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Postprandial lipid responses to an alpha-linolenic acid-rich oil, olive oil and butter in women: A randomized crossover trial

Svensson, Julia LU ; Rosenquist, Anna LU and Ohlsson, Lena LU (2011) In Lipids in Health and Disease 10.
Abstract
Background: Postprandial lipaemia varies with gender and the composition of dietary fat due to the partitioning of fatty acids between beta-oxidation and incorporation into triacylglycerols (TAGs). Increasing evidence highlights the importance of postprandial measurements to evaluate atherogenic risk. Postprandial effects of alpha-linolenic acid (ALA) in women are poorly characterized. We therefore studied the postprandial lipid response of women to an ALA-rich oil in comparison with olive oil and butter, and characterized the fatty acid composition of total lipids, TAGs, and non-esterified fatty acids (NEFAs) in plasma. Methods: A randomized crossover design (n = 19) was used to compare the postprandial effects of 3 meals containing 35 g... (More)
Background: Postprandial lipaemia varies with gender and the composition of dietary fat due to the partitioning of fatty acids between beta-oxidation and incorporation into triacylglycerols (TAGs). Increasing evidence highlights the importance of postprandial measurements to evaluate atherogenic risk. Postprandial effects of alpha-linolenic acid (ALA) in women are poorly characterized. We therefore studied the postprandial lipid response of women to an ALA-rich oil in comparison with olive oil and butter, and characterized the fatty acid composition of total lipids, TAGs, and non-esterified fatty acids (NEFAs) in plasma. Methods: A randomized crossover design (n = 19) was used to compare the postprandial effects of 3 meals containing 35 g fat. Blood samples were collected at regular intervals for 7 h. Statistical analysis was carried out with ANOVA (significant difference = P < 0.05). Results: No significant difference was seen in incremental area under the curve (iAUC) plasma-TAG between the meals. ALA and oleic acid levels were significantly increased in plasma after ALA-rich oil and olive oil meals, respectively. Palmitic acid was significantly increased in plasma-TAG after the butter meal. The ratios of 18: 2 n-6 to 18:3 n-3 in plasma-TAGs, three and seven hours after the ALA-rich oil meal, were 1.5 and 2.4, respectively. The corresponding values after the olive oil meal were: 13.8 and 16.9; and after the butter meal: 9.0 and 11.6. Conclusions: The postprandial p-TAG and NEFA response in healthy pre-menopausal women was not significantly different after the intake of an ALA-rich oil, olive oil and butter. The ALA-rich oil significantly affected different plasma lipid fractions and improved the ratio of n-6 to n-3 fatty acids several hours postprandially. (Less)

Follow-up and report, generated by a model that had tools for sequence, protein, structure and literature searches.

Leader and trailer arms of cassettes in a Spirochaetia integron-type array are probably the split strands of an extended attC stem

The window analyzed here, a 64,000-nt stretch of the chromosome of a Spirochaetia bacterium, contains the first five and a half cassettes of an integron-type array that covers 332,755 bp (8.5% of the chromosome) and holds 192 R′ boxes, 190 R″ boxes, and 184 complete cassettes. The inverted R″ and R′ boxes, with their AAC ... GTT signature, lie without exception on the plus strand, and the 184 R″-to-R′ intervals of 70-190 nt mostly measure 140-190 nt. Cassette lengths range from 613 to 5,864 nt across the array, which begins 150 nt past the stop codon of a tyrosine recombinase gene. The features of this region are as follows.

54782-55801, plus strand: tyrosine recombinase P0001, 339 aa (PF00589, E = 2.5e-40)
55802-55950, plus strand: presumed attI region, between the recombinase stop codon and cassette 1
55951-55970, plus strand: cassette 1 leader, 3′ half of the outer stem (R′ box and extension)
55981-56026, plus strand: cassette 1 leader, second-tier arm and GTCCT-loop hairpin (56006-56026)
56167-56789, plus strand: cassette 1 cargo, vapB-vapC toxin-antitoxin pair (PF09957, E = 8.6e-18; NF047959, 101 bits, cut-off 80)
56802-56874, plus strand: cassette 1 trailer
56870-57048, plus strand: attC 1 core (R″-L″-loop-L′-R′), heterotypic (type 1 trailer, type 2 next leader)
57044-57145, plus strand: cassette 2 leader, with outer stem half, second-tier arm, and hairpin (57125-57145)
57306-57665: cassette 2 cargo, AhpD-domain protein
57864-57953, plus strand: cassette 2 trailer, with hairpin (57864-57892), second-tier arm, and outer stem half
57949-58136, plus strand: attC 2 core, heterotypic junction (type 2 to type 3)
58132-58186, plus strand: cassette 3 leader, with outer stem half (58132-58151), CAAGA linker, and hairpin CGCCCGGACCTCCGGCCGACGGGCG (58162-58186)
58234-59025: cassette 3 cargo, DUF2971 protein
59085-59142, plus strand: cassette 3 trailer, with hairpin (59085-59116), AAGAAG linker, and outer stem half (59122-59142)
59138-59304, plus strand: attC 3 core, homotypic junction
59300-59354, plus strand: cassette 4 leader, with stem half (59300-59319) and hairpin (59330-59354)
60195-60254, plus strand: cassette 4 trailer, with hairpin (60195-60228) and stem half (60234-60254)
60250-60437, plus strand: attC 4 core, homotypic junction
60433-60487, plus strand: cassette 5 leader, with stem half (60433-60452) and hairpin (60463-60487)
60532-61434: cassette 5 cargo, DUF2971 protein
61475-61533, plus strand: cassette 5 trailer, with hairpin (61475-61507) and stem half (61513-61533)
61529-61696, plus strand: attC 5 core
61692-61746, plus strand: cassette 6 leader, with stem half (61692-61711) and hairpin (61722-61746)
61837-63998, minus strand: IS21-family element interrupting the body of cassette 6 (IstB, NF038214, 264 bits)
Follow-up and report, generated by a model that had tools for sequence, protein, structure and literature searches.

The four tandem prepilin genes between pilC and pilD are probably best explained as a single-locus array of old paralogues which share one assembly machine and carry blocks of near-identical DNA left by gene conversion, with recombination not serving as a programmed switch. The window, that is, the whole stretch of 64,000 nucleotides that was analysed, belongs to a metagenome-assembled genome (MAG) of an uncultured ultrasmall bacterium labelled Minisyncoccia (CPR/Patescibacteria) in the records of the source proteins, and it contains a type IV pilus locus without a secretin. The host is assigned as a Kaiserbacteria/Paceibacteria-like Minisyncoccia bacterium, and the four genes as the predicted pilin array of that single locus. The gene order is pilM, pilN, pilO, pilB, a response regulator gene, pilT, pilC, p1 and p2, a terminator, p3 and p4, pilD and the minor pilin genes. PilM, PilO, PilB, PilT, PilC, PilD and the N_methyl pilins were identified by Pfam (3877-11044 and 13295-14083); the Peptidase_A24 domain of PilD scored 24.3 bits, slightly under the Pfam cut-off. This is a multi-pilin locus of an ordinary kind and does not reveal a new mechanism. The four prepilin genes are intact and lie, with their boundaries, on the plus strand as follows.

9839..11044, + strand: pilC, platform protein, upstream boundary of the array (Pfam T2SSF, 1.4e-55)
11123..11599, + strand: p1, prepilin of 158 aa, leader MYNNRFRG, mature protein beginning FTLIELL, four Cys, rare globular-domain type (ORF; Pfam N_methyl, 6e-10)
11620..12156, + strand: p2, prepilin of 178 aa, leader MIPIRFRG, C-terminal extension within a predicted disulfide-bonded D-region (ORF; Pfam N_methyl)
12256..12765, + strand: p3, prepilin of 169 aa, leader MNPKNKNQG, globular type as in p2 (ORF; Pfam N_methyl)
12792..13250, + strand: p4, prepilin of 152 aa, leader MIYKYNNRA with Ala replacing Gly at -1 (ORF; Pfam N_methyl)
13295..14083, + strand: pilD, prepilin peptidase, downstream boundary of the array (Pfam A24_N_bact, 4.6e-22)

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author
organization
publishing date
type
Contribution to journal
publication status
published
subject
in
Lipids in Health and Disease
volume
10
publisher
BioMed Central
external identifiers
  • wos:000292813600001
  • scopus:79959621659
ISSN
1476-511X
DOI
10.1186/1476-511X-10-106
language
English
LU publication?
yes
id
5c379ede-c857-4f95-82c2-885986d5e946 (old id 2093961)
date added to LUP
2011-08-26 09:36:52
date last changed
2017-10-01 04:22:19
@article{5c379ede-c857-4f95-82c2-885986d5e946,
  abstract     = {Background: Postprandial lipaemia varies with gender and the composition of dietary fat due to the partitioning of fatty acids between beta-oxidation and incorporation into triacylglycerols (TAGs). Increasing evidence highlights the importance of postprandial measurements to evaluate atherogenic risk. Postprandial effects of alpha-linolenic acid (ALA) in women are poorly characterized. We therefore studied the postprandial lipid response of women to an ALA-rich oil in comparison with olive oil and butter, and characterized the fatty acid composition of total lipids, TAGs, and non-esterified fatty acids (NEFAs) in plasma. Methods: A randomized crossover design (n = 19) was used to compare the postprandial effects of 3 meals containing 35 g fat. Blood samples were collected at regular intervals for 7 h. Statistical analysis was carried out with ANOVA (significant difference = P &lt; 0.05). Results: No significant difference was seen in incremental area under the curve (iAUC) plasma-TAG between the meals. ALA and oleic acid levels were significantly increased in plasma after ALA-rich oil and olive oil meals, respectively. Palmitic acid was significantly increased in plasma-TAG after the butter meal. The ratios of 18: 2 n-6 to 18:3 n-3 in plasma-TAGs, three and seven hours after the ALA-rich oil meal, were 1.5 and 2.4, respectively. The corresponding values after the olive oil meal were: 13.8 and 16.9; and after the butter meal: 9.0 and 11.6. Conclusions: The postprandial p-TAG and NEFA response in healthy pre-menopausal women was not significantly different after the intake of an ALA-rich oil, olive oil and butter. The ALA-rich oil significantly affected different plasma lipid fractions and improved the ratio of n-6 to n-3 fatty acids several hours postprandially.},
  author       = {Svensson, Julia and Rosenquist, Anna and Ohlsson, Lena},
  issn         = {1476-511X},
  language     = {eng},
  publisher    = {BioMed Central},
  series       = {Lipids in Health and Disease},
  title        = {Postprandial lipid responses to an alpha-linolenic acid-rich oil, olive oil and butter in women: A randomized crossover trial},
  url          = {http://dx.doi.org/10.1186/1476-511X-10-106},
  volume       = {10},
  year         = {2011},
}